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AJ100 practices fail to bridge the gender gap

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Lack of flexibility blamed for persistent inequality at Britain’s 100 largest practices

Female architects remain under-represented in Britain’s top 100 firms, comprising just 25 per cent of qualified architects, figures from this year’s AJ100 list of Britain’s biggest practices show.

According to figures submitted in December 2008, just 9 per cent of the 258 qualified architects employed at Archial are female, while at Capita Architecture,
just 11 per cent of 250 architects are female.

The most equal employer in the AJ100 list was Darling Associates, where 50 per cent of staff is female, followed by Pollard Thomas Edwards Architects (48 per cent) and Colman Architects (47 per cent).

According to women in the profession contacted by the AJ, a lack of flexibility over working hours and an inherently male culture at established firms are key reasons for the low figures.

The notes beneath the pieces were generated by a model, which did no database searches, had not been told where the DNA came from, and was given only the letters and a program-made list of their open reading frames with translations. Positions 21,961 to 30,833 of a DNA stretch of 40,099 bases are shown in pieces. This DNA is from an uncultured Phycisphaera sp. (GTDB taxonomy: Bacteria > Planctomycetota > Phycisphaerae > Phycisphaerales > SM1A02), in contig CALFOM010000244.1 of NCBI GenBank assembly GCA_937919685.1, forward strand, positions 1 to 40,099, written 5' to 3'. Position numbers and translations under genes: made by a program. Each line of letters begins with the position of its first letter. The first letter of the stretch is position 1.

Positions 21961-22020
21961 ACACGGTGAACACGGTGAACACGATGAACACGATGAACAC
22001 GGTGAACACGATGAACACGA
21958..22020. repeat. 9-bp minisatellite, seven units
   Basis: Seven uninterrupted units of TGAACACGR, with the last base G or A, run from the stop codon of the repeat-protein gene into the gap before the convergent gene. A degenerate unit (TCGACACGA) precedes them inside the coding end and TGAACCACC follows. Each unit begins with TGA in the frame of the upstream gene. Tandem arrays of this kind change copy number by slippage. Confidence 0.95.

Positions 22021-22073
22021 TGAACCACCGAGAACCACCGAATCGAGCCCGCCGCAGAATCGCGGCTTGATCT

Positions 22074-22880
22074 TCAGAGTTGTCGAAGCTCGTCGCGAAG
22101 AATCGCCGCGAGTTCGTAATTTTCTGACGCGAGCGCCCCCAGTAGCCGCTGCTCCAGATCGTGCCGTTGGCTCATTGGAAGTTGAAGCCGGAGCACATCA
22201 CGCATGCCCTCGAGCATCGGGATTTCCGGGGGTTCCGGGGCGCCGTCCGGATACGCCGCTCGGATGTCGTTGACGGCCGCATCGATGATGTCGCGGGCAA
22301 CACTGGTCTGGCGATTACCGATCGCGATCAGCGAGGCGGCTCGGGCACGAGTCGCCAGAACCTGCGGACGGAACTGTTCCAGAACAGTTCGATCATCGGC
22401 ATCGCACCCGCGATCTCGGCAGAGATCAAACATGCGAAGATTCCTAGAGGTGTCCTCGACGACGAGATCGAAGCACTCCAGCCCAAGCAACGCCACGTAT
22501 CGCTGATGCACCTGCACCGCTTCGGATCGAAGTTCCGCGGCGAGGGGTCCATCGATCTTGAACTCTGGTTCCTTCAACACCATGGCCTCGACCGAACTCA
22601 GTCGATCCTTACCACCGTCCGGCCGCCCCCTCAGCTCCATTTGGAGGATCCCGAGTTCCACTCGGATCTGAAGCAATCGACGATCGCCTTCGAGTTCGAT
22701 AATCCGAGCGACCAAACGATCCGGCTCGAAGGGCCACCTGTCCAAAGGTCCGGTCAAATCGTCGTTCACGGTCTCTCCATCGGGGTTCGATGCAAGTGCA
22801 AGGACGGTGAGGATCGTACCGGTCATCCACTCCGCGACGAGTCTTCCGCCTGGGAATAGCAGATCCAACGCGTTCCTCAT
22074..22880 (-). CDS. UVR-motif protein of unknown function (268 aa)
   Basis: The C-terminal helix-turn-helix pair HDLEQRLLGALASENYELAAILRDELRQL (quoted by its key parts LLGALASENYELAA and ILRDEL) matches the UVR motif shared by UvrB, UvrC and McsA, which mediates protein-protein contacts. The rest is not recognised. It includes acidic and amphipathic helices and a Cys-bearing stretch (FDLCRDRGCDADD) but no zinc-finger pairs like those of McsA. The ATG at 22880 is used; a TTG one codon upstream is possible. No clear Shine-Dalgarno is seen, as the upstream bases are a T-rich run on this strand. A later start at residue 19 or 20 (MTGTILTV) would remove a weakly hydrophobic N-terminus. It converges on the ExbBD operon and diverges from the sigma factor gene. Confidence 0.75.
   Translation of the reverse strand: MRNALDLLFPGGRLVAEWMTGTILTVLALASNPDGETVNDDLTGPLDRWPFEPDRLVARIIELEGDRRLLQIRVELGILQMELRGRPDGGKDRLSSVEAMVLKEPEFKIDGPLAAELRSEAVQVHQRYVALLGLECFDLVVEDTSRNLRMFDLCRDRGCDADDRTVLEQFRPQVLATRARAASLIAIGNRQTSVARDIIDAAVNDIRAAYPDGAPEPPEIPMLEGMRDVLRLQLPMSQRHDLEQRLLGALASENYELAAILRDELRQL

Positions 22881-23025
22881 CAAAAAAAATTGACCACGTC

‘Our profession hasn’t adapted,’ said Cindy Walters of Walters and Cohen. ‘The debate grinds to a halt over childcare. There needs to be more understanding.’

Denise Bennetts (pictured left) of Bennetts Associates said: ‘I think the fundamental issue is to do with flexibility. The profession has to recognise women will have different needs at different times in their lives.’

Christopher Darling, managing director at Darling Associates said: ‘Obviously, when people leave to have children, it is disruptive. But, as a business, we have to play our part.’

Agnieszka Glowacka (pictured right), director of Glowacka Rennie, said: ‘Offering flexibility and having an open-minded attitude to fitting work around life on the part of the employer would help.’

Women architects have also been disproportionately hit by the recession. The Office for National Statistics recently revealed that 25 per cent of architects claiming jobseeker’s allowance are female.

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